Just two days after showing signs of influenza, a mother of two from Oregon died of complications from the infection that has killed many across the country this flu season.
When Tandy Harmon began feeling ill on January 17, she visited the hospital near her home in Gresham, Oregon, and was diagnosed with influenza, according to KGW8. Physicians recommended that the 36-year-old get rest and stay hydrated, so Harmon returned home to follow their advice. But within hours, Harmon’s boyfriend, Steven Lundin, had to rush her back to the hospital when her health had dramatically declined.
At the hospital, doctors placed Harmon on a breathing tube with the hopes of stabilizing her, but she continued to worsen. By nightfall, the mother of two was on life support. Doctors told the family that Harmon had developed pneumonia and methicillin-resistant Staphylococcus aureus (MRSA), an aggressive staph infection.
RELATED VIDEO: Indiana Mom of Two Dies From the Flu After Taking Care of Her Sick Family
“The doctors told us that she had the flu and then the flu opened up the gates for MRSA to set in and she had walking pneumonia,” Lundin told KGW8. “They said that’s like a worst-case scenario that doesn’t often happen.”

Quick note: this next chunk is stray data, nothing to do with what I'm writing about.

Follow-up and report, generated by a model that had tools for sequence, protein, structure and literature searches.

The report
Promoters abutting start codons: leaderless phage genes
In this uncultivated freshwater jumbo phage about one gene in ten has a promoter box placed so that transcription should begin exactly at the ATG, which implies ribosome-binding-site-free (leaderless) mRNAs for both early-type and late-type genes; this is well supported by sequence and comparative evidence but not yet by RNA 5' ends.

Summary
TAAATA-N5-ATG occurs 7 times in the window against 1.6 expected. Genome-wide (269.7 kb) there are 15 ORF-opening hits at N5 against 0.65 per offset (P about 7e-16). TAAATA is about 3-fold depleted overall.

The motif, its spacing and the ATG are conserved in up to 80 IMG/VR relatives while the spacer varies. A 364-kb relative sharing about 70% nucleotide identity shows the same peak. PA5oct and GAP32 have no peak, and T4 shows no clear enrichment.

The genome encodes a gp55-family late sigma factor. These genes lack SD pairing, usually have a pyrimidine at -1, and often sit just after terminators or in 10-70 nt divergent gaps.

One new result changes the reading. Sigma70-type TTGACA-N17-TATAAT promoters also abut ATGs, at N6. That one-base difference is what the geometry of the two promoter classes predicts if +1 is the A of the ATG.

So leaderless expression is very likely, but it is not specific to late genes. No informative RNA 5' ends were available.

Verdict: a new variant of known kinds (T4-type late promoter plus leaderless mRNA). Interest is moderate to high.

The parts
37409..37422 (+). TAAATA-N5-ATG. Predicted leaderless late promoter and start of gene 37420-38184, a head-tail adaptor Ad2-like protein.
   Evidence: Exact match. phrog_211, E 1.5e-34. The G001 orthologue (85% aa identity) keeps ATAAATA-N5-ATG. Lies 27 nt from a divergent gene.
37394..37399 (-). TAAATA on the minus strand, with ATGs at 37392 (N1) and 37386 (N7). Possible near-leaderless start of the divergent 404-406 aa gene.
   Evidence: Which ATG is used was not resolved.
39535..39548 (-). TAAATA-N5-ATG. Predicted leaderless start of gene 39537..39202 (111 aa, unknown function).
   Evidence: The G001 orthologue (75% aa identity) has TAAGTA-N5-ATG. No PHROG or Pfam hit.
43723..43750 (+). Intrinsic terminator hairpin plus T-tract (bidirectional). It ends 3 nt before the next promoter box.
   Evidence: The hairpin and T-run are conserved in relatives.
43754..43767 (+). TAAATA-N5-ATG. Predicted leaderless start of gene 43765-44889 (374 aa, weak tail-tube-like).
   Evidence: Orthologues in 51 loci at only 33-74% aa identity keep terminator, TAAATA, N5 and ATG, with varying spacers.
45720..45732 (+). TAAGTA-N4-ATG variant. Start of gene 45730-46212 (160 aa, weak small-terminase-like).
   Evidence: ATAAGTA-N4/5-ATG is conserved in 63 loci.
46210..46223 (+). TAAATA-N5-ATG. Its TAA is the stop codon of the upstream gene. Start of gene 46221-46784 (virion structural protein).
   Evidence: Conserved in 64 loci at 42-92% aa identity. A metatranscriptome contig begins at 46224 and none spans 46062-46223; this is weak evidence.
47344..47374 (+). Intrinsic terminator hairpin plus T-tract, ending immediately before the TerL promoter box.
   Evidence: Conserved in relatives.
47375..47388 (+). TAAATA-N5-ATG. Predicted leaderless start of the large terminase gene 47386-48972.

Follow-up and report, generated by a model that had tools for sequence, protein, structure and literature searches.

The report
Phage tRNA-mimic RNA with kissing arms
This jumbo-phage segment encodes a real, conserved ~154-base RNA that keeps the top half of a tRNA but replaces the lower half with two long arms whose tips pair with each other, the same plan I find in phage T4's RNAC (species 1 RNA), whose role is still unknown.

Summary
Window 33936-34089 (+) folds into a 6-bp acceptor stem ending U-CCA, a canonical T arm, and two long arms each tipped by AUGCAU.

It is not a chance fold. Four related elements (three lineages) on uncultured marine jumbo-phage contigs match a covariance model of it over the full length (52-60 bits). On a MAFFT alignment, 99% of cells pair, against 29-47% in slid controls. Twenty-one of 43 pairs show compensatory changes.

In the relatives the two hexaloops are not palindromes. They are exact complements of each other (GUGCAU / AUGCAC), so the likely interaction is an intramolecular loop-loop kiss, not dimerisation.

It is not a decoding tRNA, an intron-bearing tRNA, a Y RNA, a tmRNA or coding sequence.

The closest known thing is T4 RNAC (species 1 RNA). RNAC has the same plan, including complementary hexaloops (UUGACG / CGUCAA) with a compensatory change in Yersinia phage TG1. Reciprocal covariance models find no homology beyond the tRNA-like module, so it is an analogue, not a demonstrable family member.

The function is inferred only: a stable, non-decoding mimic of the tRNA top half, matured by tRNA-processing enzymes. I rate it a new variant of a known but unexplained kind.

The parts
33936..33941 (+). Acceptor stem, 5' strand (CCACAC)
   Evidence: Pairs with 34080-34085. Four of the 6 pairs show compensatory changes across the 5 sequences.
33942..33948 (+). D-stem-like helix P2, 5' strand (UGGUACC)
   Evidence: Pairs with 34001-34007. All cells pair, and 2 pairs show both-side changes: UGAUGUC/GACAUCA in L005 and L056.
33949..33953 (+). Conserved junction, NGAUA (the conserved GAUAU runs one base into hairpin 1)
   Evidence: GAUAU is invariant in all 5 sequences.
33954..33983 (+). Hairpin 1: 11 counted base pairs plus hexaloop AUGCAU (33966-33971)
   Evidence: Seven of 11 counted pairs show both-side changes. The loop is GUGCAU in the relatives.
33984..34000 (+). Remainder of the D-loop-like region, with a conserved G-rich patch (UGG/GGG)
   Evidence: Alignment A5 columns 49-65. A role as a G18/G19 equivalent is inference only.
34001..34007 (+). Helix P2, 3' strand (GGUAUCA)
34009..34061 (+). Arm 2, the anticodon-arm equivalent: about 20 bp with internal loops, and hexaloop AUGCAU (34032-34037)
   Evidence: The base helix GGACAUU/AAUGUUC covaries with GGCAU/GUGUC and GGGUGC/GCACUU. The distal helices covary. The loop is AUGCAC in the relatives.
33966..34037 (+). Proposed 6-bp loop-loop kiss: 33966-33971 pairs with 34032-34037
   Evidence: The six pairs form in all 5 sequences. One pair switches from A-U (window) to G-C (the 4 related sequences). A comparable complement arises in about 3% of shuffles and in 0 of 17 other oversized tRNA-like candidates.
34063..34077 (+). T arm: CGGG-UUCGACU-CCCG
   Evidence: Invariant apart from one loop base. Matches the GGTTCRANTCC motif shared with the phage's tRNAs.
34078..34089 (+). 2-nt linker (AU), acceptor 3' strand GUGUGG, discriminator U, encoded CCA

The bacterium is commonly known as “staph,” and is found on the skin or in the nose of healthy people, according to the Centers For Disease Control. It can cause infections in different parts of the body, such as mild skin infections like boils or sores, but can become more serious when it enters the bloodstream, lungs or urinary tract. While it can usually be treated with antibiotics, some strains of staph, such as MRSA, have become resistant. When the flu and MRSA combine, they can quickly become lethal.
A 2016 Rockefeller University Press study explains that the flu virus changes the antibacterial response of white blood cells, and instead of targeting the staph bacteria, they cause inflammatory injury to the lungs and damage to surrounding tissue. This causes a higher vulnerability to secondary bacterial infections such as MRSA pneumonia.
By Friday, January 19, Harmon’s two children—her 12-year old son and 11-year old daughter—had joined friends and family by their mother’s bedside to say goodbye before she passed away later that day.
It isn’t clear if Harmon received a flu vaccination this season. The Centers For Disease Control (CDC) reports that the shot does lessen the chance that someone catches the virus by 10 to 60 percent, though it doesn’t guarantee that someone will not catch the flu.
“She was my woman and a great mother of two for those that didn’t know her,” Lundin wrote in a Facebook post on January 22. “I am at a loss of words about how we are dealing with this.”
The family has set up a GoFundMe page to help with Harmon’s funeral costs, and has so far raised more than $ 7,000.
“I loved Tandy,” Lundin told KGW8. “I loved being with her.”